Fitting a new lock
Repairing a mortise lock
- Mark the position of the strike plate on the “lock block” side of the door.
- Remove the door and carefully measure and mark the middle of the thickness of the door at the lock position. One way to do this is to set your marking gauge to approximately half the thickness, make small indents from both sides of the door and keep on adjusting the marking gauge until the two indents are at exactly the same distance from the sides. That is the middle line. Or use the handy little centering tool described in
"How to mark and measure". Accurate marking and sharp tools are essential
The results of bad marking and blunt tools
- Mark the width of the body of the lock as well as the width of the face plate on the door and make the mortise by drilling 13 mm holes close to one another along the whole length of the lock body to the depth of the lock body. Clean out a hole for the lock body with a sharp chisel.
- Chisel away the wood around the hole to a depth of 2 mm to accommodate the face plate. The lock should now be a comfortable fit in the hole with the face plate flush with the side of the door.
- Check that the curved side of the latch is facing towards the door. If necessary turn the latch as follows. Open the lock body by undoing the screw(s) on the side and removing the cover plate. Make sure the springs are retained in the lock. Push the latch back into the body, lift it out, turn it over and replace.
- Hold the body to the side of the door and, through the body, mark the position of the key and handle holes with a bradawl. Drill holes large enough to accommodate the key and the handle bar, after clamping a piece of waste wood to the opposite side of the door to prevent splintering when you have drilled right through.
- Place the lock in the hole and fit the handle bar and key to ensure that they can move freely. Now screw down the lock and fit the handles.
A faulty body mechanism cannot be repaired. It is better to replace the body.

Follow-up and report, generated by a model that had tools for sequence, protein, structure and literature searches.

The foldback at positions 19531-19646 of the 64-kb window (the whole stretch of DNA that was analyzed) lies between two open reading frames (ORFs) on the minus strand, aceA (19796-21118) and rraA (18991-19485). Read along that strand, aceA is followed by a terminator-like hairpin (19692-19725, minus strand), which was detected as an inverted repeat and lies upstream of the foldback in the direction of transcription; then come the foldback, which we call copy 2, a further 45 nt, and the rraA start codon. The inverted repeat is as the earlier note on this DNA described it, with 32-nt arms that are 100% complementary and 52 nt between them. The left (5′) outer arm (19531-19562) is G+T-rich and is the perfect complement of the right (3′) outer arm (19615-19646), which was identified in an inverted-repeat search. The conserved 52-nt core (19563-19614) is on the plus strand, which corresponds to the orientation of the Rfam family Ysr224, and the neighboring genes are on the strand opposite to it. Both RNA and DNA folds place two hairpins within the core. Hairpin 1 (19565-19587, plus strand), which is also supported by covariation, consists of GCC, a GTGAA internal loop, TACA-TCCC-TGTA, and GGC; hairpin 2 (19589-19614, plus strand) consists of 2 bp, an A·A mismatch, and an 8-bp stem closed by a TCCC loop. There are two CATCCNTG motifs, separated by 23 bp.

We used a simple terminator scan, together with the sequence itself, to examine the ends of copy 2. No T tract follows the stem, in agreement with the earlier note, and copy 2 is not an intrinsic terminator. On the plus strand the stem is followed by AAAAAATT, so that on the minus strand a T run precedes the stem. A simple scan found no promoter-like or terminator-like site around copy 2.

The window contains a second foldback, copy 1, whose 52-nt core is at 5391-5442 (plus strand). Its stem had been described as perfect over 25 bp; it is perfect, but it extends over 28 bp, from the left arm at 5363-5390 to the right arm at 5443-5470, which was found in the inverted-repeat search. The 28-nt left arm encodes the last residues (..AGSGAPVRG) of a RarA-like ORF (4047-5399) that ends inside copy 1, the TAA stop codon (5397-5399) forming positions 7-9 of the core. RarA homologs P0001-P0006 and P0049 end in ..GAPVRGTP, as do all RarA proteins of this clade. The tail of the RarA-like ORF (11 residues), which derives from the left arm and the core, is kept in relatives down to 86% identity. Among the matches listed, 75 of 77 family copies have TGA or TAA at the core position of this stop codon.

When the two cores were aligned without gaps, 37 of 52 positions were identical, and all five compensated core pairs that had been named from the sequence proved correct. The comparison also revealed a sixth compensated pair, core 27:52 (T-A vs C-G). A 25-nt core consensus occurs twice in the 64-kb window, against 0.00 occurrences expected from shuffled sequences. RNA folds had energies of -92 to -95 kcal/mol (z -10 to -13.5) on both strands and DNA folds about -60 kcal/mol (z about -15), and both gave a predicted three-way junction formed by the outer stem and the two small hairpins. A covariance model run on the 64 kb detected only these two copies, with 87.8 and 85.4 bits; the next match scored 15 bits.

Fitting a new lock
- Remove door handle on one side of the door.
- Extract the handle bar.
- Undo the two screws holding the face plate and remove the lock body.
- Insert the new lock body and replace the screws. Screw down using either longer screws or fit a few match sticks into the existing screw holes.
- Replace the handle bar and handle.
Repairing a night latch
- Drill a 34 mm hole in the door 60 mm from the edge using an expansion bit and brace or a spade bit.
- Fit the key mechanism (cylinder) into this hole and screw it to the plate provided.
Rebate the door at the height of the lock to accommodate the face plate.
- Check that the lock bar and retaining screws are the correct length. Lock bars and retaining screws have small indents along their length where they can easily be broken off to allow for different thicknesses of doors.
- Screw the lock to the inside of the door.
- Fit the strike plate to the frame.
Night latches can only be repaired by a locksmith. Replacement cylinders can, however, be bought separately. If the cylinder needs replacement:
- Unscrew the lock from the door.
- Unscrew the cylinder from the plate.
- Remove the old cylinder.
- Check the length of the lock bar and fit the new cylinder.
These are mostly one or two lever locks surface mounted on the inside of the door.
To fit a new lock:
- Carefully mark the position of the lock and key hole.
- Drill a 7 mm hole for the shaft of the key extending the hole downwards with a keyhole saw until the key fits through the hole.
- With the key in place, position the lock and screw it to the door.
- Fit an escutcheon plate to the front of the door over the keyhole.
Cupboard locks can not be repaired and have to be replaced.
When replacing screws in existing holes, put a few matchsticks or toothpicks in the hole to give the screw a better grip.
Lubricate a lock with graphite powder or spray. Never use oil as this gathers dust and literally gums up the works.
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